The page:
Levinas talks of the Other in terms of insomnia and wakefulness. It is an ecstasy, or exteriority toward the Other that forever remains beyond any attempt at full capture, this otherness is interminable (or infinite); even in murdering another, the otherness remains, it has not been negated or controlled. This "infiniteness" of the Other will allow Levinas to derive other aspects of philosophy and science as secondary to this ethic. Levinas writes:

The others that obsess me in the other do not affect me as examples of the same genus united with my neighbor by resemblance or common nature, individuations of the human race, or chips off the old block... The others concern me from the first. Here fraternity precedes the commonness of a genus. My relationship with the Other as neighbor gives meaning to my relations with all the others.

The "Other", as a general term in philosophy, can also be used to mean the unconscious, silence, insanity, the other of language (i.e., what it refers to and what is unsaid), etc.

There may also arise a tendency towards relativism if the Other, as pure alterity, leads to a notion that ignores the commonality of truth. Likewise, issues may arise around non-ethical uses of the term, and related terms, that reinforce divisions.

The Other in gender studies

Simone De Beauvoir changed the Hegelian notion of the Other, for use in her description of male-dominated culture. According to her, it treats woman as the Other in relation to man. The Other has thus become an important concept for studies of the sex-gender system. Michael Warner argues that:

the modern system of sex and gender would not be possible without a disposition to interpret the difference between genders as the difference between self and Other ... having a sexual object of the opposite gender is taken to be the normal and paradigmatic form of an interest in the Other or, more generally, others.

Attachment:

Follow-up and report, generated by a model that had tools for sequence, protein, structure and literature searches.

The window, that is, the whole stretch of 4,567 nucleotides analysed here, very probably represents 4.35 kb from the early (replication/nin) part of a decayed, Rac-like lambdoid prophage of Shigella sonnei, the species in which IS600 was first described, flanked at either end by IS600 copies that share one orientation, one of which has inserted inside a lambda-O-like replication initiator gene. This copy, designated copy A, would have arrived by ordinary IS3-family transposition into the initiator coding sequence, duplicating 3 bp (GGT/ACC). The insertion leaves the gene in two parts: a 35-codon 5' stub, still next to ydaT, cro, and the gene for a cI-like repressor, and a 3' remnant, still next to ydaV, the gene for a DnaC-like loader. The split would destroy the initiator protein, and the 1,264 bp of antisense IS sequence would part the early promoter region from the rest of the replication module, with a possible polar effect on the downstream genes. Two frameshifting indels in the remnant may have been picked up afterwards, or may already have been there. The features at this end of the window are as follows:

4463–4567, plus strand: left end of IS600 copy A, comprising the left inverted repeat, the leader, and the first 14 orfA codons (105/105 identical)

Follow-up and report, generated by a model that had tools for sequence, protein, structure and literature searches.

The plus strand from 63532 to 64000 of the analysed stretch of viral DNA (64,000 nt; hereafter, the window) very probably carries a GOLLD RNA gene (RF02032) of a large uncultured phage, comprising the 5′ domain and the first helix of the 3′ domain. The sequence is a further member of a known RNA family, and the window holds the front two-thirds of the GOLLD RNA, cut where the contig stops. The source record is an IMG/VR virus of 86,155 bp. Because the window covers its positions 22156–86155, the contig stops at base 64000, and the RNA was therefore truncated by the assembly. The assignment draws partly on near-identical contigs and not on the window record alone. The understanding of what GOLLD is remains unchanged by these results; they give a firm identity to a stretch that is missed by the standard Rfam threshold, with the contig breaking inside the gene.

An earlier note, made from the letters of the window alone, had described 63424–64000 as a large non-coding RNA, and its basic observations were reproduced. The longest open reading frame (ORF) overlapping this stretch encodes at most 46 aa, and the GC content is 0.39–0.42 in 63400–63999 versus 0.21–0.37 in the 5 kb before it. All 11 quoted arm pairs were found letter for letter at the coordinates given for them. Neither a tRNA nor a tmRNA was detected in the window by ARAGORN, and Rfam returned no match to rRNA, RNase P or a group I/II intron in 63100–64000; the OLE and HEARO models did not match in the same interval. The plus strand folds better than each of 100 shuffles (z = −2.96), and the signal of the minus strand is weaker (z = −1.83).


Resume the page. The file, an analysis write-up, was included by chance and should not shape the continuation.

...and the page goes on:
Thus, according to Warner, Freudian and Lacanian psychoanalysis hold the heterosexist view that if one is attracted to people of the same gender as one's self, one fails to distinguish self and other, identification and desire. This is a "regressive" or an "arrested" function. He further argues that heteronormativity covers its own narcissistic investments by projecting or displacing them on queerness.

De Beauvoir calls the Other the minority, the least favored one and often a woman, when compared to a man, "for a man represents both the positive and the neutral, as indicated by the common use of man to designate human beings in general; whereas woman represents only the negative, defined by limiting criteria, without reciprocity". Betty Friedan supported this thought when she interviewed women and the majority of them identified themselves in their role in the private sphere, rather than addressing their own personal achievements. They automatically identified as the Other without knowing. Although the Other may be influenced by a socially constructed society, one can argue that society has the power to change this creation (Haslanger).

In an effort to dismantle the notion of the Other, Cheshire Calhoun proposed a deconstruction of the word "woman" from a subordinate association and to reconstruct it by proving women do not need to be rationalized by male dominance.[2] This would contribute to the idea of the Other and minimize the hierarchal connotation this word implies.

Edward Said applied the feminist notion of the Other to colonized peoples (specifically, in Said's work, Middle Easterners and Arabs in general and Palestinians in particular).

Sarojini Sahoo, an Indian feminist writer, agrees with De Beauvoir that women can only free themselves by “thinking, taking action, working, creating, on the same terms as men; instead of seeking to disparage them, she declares herself their equal." She disagrees, however, that though women have the same status to men as human beings, they have their own identity and they are different from men. They are "others" in real definition, but this is not in context with Hegelian definition of “others”. It is not always due to man’s "active" and "subjective" demands. They are the others, unknowingly accepting the subjugation as a part of "subjectivity".